Digitisation of trade finance transactions

The paper-based nature of trade finance presents significant risks of error, fraud and duplicated costs. The COVID-19 pandemic has revitalised efforts towards digitisation, because the transport of these documents is dependent on courier services and the processing is dependent on in-person handling. The International Chamber of Commerce (ICC) called on governments and central banks in … Continue reading

Cross-border considerations for electronic signatures

The use of electronic signatures in cross-border transactions can be fraught with difficulties given the lack of uniformity relating to electronic signatures across countries. This position is further exacerbated by the lack of widespread adoption of the Convention on the Use of Electronic Communications in International Contracts 2005, which sought to standardise electronic communications. The … Continue reading

Sign of the times: Electronic signatures in South Africa

Are electronic signatures valid? It depends: the parties must explicitly agree to the use of electronic signatures and must agree a signing method which complies with the requirements in the Electronic Communications and Transactions Act 2002 (ECTA). What constitutes an electronic signature and whether such signatures are valid in South Africa has become a question … Continue reading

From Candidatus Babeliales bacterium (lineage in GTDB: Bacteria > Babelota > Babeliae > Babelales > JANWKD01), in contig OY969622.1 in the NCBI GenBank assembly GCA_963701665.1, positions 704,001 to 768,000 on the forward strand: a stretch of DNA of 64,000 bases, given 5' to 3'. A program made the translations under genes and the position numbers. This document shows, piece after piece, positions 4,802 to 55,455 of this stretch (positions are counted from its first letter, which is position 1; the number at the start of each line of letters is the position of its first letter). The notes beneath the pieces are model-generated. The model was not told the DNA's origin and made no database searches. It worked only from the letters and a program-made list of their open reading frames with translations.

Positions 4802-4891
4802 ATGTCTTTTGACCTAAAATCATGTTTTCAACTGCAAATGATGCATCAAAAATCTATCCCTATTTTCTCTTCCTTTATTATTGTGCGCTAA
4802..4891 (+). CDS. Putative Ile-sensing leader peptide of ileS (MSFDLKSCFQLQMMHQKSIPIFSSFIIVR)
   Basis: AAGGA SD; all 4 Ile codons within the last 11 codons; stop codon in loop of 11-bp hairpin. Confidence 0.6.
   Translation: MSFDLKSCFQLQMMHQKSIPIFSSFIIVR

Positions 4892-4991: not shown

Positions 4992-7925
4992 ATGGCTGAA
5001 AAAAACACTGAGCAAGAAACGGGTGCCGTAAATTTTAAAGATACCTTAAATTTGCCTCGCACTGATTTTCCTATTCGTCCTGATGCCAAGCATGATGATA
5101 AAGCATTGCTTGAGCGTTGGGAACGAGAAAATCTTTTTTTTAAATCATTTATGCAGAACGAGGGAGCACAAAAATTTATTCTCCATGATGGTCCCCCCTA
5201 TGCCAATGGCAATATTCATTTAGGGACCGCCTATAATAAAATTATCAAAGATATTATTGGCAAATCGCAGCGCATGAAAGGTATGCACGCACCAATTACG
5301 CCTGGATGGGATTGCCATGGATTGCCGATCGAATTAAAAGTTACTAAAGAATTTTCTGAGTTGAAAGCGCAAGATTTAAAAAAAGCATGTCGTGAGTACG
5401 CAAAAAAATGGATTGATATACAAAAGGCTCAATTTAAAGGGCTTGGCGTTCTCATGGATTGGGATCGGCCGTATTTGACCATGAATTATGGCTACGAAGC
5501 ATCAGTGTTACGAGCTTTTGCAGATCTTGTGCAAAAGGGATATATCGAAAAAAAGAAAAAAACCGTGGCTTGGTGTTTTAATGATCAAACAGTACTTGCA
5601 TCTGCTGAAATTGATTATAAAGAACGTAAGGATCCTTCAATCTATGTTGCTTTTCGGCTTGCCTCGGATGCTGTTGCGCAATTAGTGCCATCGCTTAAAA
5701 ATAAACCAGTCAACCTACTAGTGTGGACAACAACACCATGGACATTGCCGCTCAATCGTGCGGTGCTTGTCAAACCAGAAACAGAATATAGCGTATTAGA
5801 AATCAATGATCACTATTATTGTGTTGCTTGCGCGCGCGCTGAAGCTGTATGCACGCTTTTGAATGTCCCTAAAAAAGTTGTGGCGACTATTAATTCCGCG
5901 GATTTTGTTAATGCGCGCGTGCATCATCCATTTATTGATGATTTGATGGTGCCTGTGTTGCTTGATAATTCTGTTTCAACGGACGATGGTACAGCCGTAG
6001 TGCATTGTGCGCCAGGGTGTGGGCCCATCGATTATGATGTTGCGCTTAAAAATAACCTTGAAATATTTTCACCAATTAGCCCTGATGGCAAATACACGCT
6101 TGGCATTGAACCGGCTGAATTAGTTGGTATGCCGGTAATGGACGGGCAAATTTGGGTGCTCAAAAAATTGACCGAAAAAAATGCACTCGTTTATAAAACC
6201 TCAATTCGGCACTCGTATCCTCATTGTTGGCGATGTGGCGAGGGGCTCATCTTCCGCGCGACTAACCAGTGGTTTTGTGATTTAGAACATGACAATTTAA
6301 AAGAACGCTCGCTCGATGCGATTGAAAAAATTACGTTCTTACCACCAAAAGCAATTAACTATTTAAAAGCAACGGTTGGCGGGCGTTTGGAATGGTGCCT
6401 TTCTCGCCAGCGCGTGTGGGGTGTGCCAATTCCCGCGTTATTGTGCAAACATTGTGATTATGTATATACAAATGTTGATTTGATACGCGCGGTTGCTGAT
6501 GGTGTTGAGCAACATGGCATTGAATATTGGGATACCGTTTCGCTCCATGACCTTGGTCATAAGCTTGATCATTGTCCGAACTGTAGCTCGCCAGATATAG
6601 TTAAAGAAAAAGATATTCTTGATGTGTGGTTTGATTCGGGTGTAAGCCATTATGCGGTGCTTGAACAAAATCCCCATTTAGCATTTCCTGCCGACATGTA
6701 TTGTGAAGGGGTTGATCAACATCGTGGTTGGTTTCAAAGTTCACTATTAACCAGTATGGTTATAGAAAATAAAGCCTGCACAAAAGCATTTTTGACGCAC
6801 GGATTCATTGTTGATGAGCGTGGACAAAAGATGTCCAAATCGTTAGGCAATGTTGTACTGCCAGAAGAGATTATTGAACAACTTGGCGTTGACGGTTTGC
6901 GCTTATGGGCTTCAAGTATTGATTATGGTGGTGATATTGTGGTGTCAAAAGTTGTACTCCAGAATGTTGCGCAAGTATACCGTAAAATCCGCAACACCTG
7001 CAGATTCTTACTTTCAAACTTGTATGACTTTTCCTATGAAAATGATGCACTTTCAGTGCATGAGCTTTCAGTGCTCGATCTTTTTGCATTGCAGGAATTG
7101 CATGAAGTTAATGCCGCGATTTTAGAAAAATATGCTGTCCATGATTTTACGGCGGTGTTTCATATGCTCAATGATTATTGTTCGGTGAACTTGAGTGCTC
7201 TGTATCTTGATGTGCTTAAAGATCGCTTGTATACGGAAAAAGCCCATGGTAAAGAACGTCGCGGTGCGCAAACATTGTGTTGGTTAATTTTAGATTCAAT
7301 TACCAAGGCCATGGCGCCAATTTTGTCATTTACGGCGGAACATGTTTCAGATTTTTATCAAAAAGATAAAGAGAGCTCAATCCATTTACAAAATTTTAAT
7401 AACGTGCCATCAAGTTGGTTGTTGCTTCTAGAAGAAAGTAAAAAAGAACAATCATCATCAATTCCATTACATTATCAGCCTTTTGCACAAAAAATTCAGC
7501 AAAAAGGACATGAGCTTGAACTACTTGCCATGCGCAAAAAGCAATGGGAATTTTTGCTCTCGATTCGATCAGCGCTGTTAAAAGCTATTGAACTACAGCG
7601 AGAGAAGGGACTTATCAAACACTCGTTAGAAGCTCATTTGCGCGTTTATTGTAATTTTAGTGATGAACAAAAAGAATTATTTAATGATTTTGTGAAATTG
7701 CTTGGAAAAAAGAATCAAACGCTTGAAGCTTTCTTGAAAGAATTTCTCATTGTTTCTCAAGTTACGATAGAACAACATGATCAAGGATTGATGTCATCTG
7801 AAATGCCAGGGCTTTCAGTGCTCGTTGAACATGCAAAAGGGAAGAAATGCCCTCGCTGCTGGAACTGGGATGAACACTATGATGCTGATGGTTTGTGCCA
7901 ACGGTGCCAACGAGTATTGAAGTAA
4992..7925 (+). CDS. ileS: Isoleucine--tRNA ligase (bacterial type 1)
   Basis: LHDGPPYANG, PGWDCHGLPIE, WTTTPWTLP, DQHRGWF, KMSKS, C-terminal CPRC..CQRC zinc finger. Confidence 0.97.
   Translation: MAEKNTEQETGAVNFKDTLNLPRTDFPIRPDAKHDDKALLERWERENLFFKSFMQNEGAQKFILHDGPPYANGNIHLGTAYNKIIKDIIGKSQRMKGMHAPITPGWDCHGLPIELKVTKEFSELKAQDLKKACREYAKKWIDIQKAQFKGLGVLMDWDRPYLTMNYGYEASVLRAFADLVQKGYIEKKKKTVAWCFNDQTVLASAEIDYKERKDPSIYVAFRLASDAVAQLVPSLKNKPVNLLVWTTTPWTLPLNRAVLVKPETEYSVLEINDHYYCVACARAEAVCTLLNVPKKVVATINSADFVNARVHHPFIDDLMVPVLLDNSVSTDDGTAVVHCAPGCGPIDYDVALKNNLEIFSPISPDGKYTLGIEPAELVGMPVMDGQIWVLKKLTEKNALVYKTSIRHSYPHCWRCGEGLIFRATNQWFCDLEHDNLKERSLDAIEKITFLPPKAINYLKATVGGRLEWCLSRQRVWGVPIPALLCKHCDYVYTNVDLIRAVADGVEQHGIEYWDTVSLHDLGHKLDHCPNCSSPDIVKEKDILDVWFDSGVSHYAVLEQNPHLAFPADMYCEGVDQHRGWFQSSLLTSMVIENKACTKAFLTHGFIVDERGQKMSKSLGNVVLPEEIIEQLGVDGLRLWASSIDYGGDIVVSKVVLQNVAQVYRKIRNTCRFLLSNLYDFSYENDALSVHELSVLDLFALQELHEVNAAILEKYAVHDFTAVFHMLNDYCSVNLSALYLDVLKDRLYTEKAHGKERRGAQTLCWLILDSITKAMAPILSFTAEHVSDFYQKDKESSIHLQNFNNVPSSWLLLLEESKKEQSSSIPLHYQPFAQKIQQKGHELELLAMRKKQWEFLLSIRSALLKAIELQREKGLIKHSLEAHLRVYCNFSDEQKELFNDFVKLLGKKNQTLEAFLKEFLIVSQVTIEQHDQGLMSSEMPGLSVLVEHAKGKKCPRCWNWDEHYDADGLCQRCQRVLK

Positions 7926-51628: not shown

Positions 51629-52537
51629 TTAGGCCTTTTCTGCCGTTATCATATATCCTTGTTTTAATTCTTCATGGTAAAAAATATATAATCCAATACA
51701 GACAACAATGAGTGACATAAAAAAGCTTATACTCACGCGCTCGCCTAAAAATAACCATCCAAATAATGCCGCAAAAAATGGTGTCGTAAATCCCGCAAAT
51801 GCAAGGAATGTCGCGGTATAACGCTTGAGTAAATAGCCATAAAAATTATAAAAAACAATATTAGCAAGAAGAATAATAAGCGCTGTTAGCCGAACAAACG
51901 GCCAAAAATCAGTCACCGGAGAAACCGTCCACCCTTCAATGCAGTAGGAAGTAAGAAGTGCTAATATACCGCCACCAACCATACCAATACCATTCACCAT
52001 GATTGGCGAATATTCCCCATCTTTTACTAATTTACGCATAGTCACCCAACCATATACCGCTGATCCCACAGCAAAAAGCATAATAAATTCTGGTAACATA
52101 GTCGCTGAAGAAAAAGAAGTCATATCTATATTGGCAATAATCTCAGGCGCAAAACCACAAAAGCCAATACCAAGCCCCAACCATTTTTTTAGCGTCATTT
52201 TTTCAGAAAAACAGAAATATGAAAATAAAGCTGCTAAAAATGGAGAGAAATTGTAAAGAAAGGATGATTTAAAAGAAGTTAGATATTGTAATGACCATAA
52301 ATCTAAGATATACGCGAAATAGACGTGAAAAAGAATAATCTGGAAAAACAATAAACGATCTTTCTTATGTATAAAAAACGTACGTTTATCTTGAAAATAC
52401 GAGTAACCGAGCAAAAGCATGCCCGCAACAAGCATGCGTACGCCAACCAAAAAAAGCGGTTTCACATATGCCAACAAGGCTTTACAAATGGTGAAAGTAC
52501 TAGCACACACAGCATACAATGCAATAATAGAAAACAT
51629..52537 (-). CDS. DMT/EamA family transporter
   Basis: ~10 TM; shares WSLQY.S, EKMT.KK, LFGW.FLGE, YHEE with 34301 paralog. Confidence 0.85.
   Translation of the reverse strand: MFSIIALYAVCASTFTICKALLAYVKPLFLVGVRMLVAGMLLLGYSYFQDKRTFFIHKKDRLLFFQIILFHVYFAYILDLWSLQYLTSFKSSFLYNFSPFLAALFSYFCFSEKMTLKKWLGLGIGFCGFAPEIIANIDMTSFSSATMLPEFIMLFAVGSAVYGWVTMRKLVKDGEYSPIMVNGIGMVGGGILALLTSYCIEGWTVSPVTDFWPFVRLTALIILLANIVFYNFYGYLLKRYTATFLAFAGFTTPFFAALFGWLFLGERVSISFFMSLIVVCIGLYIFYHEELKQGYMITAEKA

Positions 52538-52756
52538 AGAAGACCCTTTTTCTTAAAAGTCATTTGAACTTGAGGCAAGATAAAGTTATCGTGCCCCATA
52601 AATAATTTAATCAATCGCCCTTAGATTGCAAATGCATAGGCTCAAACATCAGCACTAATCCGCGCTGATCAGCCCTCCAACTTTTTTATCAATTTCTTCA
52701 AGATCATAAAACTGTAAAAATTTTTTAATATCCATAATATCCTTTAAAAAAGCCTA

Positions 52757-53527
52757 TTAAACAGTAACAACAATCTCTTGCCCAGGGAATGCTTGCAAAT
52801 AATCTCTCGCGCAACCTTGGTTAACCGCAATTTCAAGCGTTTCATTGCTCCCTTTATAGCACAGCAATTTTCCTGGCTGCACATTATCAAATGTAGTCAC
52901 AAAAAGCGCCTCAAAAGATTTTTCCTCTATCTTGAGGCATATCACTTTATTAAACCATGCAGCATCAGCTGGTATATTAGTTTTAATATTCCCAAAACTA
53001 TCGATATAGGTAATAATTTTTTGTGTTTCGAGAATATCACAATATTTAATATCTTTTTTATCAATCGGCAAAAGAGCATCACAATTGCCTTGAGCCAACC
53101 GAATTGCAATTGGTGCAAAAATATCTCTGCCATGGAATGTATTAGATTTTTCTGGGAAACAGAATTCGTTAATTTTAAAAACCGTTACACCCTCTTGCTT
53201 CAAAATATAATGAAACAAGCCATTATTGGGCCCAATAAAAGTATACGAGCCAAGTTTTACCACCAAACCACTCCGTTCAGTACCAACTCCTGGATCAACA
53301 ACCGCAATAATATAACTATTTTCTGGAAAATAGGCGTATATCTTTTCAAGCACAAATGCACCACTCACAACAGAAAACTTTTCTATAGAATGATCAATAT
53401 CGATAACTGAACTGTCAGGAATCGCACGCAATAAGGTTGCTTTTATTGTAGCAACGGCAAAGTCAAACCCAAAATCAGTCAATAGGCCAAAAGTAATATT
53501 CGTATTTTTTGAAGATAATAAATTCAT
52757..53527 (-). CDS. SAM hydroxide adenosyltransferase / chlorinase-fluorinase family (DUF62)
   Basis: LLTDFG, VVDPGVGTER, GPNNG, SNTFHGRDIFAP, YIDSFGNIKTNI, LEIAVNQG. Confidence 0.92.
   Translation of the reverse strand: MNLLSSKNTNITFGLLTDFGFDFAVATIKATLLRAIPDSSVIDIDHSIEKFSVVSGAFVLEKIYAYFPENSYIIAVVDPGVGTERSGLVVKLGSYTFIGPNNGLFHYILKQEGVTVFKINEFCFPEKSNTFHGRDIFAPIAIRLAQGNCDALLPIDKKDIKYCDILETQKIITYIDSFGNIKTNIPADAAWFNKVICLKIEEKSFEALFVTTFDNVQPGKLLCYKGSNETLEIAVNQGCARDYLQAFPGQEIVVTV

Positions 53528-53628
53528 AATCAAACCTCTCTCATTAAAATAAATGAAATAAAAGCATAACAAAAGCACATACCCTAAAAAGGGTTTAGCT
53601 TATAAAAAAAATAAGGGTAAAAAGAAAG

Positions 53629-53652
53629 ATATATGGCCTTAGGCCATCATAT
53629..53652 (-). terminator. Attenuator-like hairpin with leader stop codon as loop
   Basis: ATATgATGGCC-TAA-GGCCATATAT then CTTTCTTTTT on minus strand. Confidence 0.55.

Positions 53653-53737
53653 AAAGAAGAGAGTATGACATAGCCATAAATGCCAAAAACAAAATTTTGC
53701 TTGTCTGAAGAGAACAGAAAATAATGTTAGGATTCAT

The decline of LIBOR and the new risk-free interest rates

The history of manipulation and scandals surrounding interbank offered rates (IBORs), for example LIBOR and JIBAR, has led to the shift toward Risk-Free Rates (RFRs), a shift which is primarily market led and remains uncertain. The transition to RFR’s rests on the fact that rates such as LIBOR are forward-looking interest rates, calculated using estimates … Continue reading

SARB intends to regulate crypto assets

In mid-January 2019, the SARB published its Consultation Paper on Policy Proposals for Crypto Assets, amid a growing interest, investment and participation in crypto assets by financial institutions and individuals and an estimated market capitalisation of about US$200 billion for crypto assets globally. Crypto assets are digital representations or tokens that are accessed, verified, transacted … Continue reading